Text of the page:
And all because New Zealand First’s leader Winston Peters is so insecure and distrustful of his caucus.

Labour swallowed the dead rat in coalition negotiations. Green Party MPs are facing up to swallowing it now so the legislation will go through.

Their members won’t be happy but they are the ones who wouldn’t have countenanced the party going with National.

Had they agreed to a blue-green government they would have got several conservation gains, including the Kermadec Ocean Sanctuary.

Instead of which they’re watching their MPs dine on a large dead rat and wondering what other principles they might sacrifice as the price of power.


John Wilson stands down as Fonterra chair

July 27, 2018

John Wilson  has announced that he is standing down as Fonterra chair immediately and will retire from the board in November.

In an email to shareholders he said:

  • I have made the difficult decision to stand down as your Chairman to recover from a recent serious health scare.
  • Within the last month I have undergone a significant surgery.
  • I have made a very good recovery and am well but need on-going treatment.
  • I have been humbled by the support of my fellow Directors, and after deep discussions with them and with my family, I have decided to stand down as Chairman as of today and will retire from the Board at the Annual Meeting in November.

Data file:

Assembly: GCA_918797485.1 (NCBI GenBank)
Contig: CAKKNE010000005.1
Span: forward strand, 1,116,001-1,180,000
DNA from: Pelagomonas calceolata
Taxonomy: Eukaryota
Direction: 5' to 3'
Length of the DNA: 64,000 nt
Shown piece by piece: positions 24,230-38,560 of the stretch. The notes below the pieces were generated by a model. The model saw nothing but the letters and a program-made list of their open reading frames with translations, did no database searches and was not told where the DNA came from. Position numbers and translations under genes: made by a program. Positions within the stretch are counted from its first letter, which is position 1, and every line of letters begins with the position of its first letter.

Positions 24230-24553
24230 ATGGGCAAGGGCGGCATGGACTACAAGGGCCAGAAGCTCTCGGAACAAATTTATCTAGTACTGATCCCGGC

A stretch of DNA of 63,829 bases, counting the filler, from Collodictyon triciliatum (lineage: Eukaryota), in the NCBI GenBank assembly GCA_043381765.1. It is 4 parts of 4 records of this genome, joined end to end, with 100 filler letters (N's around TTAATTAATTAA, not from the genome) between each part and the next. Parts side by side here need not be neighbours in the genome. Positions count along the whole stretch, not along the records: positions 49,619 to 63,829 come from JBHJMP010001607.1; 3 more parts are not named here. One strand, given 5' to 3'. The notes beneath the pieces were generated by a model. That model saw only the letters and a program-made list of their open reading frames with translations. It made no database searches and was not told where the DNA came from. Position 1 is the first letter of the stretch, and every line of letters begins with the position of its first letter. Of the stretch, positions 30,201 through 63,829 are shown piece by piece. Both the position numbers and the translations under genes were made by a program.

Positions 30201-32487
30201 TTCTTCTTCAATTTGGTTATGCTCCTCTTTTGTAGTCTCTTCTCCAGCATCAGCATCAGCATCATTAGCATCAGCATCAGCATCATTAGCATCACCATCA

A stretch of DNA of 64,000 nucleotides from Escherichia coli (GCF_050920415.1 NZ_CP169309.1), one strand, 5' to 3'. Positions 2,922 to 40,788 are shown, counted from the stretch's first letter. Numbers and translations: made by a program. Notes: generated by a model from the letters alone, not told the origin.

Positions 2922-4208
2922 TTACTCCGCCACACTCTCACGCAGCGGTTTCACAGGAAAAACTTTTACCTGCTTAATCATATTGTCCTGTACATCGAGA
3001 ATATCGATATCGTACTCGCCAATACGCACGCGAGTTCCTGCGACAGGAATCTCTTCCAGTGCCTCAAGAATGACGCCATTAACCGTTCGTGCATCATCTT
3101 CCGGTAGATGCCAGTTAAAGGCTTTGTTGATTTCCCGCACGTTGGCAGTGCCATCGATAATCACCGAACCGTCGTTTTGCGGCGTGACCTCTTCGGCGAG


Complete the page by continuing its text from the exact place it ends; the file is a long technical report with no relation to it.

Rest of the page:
• It has been a privilege to serve you as Chairman and give something back to this great Co-operative that continues to give my family and me so much.
  • As many of you will know from experience, governance roles are incredibly rewarding, but equally demanding on the individual and their families.
  • Continuing as Chairman when I cannot put my full energy and attention into the role is not appropriate.
  • I look forward to spending more time back on the farm with Belinda and the girls.
  • Long standing director, John Monaghan has been selected by the Board as the new Chairman of Fonterra.
  • John, who has been on the Board since 2008, has been closely involved in the process to appoint a new CEO to Fonterra and will now be responsible for advancing this appointment with the full involvement and support of the Board.
  • I know you will join me in putting your full support behind John and the Board as he leads the Co-operative through this critical period of CEO transition, the DIRA review, farmer flexibility, and the vision and purpose work alongside the Shareholders’ Council.

Fonterra is facing criticism from outside but the shareholders who are the farmers who supply the milk can’t argue with the second highest payout and John Wilson must get credit for that.

It is New Zealand’s only internationally rated company and the country ought to be proud of it.

It is constrained by some of the conditions of the DIRA regulations and the review is an opportunity to fix that.

A serious health scare is a serious business and he is doing the right thing for himself, his family and the company by standing down as chair. I wish him a full and speedy recovery.

Fonterra is in the process of appointing a new chief executive.

It isn’t always ideal to replace both the chair and CE at the same time.

But if a board is functioning properly and all board members are pulling their weight there ought to be no problems with new people in both positions.

John Monaghan served as chair of the Shareholders Council and has both the skills and experience to lead Fonterra well.

 


Quote of the day

July 27, 2018

Of all fatiguing, futile, empty trades, the worst, I suppose, is writing about writing. Hilaire Belloc who was born on this day in 1870.